June 30, 2009
Unfortunately, those good intentions have yet to see the light of day. Mostly because there hasn't been much light during the day. At least not the kind that emanates from the sun. Of the past eleven days, the sun has shone for exactly one of them. The remainder have involved some combination of pouring rain, drizzle, heavy mist, or all of the above. Not ideal conditions for my workshop (aka my deck and backyard). But there is hope. As of this morning, a drying trend, with perhaps some sunshine, is in the forecast for Saturday. Only four more days. So it would appear that this week's project has become this weekend's project. Maybe.
I'm beginning to feel like a character in that Ray Bradbury story. The one in which the sun shines for one day in about eight years and everyone rushes outside to enjoy it. And then back inside again for another eight years. Sounds familiar.
June 28, 2009
While several suspects have been seen fleeing the scene of the crime, no charges have been laid due to a lack of tangible evidence.
However, security teams are in place and are confident that capture is imminent.
Further updates will be provided as this situation unfolds.
June 26, 2009
June 25, 2009
Sometimes it works out. Sometimes it doesn't.
The pumpkin pie filling was my obvious starting point. There was some molasses left over from the gingerbread cookie part of the aforementioned recipe. And some pecans. Not left over from anything. Just waiting.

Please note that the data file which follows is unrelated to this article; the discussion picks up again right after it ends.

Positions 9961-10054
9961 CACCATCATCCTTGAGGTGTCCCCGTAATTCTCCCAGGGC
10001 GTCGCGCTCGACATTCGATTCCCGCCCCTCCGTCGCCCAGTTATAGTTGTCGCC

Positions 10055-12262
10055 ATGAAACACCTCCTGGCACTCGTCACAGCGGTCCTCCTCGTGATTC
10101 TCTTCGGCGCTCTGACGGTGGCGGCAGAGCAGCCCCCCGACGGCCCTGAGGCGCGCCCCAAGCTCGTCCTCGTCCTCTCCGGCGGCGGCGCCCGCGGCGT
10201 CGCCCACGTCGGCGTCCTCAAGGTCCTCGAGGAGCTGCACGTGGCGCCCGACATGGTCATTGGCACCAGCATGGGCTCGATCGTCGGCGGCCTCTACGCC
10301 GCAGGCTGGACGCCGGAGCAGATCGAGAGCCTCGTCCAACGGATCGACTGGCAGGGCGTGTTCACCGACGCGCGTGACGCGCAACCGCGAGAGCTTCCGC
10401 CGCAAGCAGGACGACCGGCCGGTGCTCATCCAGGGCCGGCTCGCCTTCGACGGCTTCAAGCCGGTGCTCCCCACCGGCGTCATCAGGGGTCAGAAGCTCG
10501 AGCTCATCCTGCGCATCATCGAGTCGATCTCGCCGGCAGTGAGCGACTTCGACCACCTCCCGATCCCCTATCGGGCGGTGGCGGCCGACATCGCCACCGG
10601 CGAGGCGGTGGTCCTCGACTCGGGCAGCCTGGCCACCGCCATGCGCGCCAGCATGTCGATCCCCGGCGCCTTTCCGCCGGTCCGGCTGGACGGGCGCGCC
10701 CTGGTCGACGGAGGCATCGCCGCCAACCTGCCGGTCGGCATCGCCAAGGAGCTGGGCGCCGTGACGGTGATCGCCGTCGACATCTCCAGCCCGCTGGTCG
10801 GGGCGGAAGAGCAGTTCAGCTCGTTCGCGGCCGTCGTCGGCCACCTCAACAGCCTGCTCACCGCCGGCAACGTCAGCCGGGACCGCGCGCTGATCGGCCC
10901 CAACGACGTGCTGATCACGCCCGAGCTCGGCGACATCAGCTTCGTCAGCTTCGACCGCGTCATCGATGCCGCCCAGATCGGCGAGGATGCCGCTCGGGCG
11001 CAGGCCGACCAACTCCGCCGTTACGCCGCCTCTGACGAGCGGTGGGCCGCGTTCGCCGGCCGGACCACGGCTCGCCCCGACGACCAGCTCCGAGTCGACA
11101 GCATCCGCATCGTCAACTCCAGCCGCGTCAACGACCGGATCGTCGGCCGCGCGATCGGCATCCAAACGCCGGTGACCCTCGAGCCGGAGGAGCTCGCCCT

At this point, I had one thought: pumpkin-molasses tarts. And why not pumpkin-molasses pie? Simple. Pie crust is not my forte. But shortbread dough is. And shortbread dough makes delicious little tart shells. So I made a quick batch of the world's easiest shortbread dough.
World's Easiest Shortbread
1 cup butter
1/2 cup packed brown sugar
2 cups flour
One the dough had been shaped into the world's easiest little tart shells, I turned my attention to the filling. I have no real recipe to include here because I just kept adding ingredients until it tasted good to me. But I think it went something like this:
1 cup pumpkin pie filling
1/4 cup molasses
1/4 cup evaporated milk
cinnamon, nutmeg and allspice to taste
I filled the shells, popped a toasted pecan on each one, and put them into a 350F oven. Then I waited about 20 minutes. Then I ate one. Or two.
June 24, 2009
June 23, 2009
So my Lost viewing was complete for now. But still the rain continued. I searched for another indoor activity. I could engage in intensive house-cleaning. I could clean out my closets and storage spaces. I could browse in a bookstore.
While at Chapters, a few books caught my attention. The graphic novelization of Agatha Christie's Halloween Party is one I've had my eye on for a while. But I've read every mystery that Agatha Christie wrote, and Halloween Party doesn't stand out as one of my favourites. Despite the victim and method of murder. An obnoxious pre-teen has her head held under water in an apple-bobbing bucket. Interesting to see in a graphic novel format, but not interesting enough to persuade me to part with almost $20. I came much closer to buying On A Raven's Wing. A collection of short mystery stories inspired by Poe or by some aspect of one of his stories.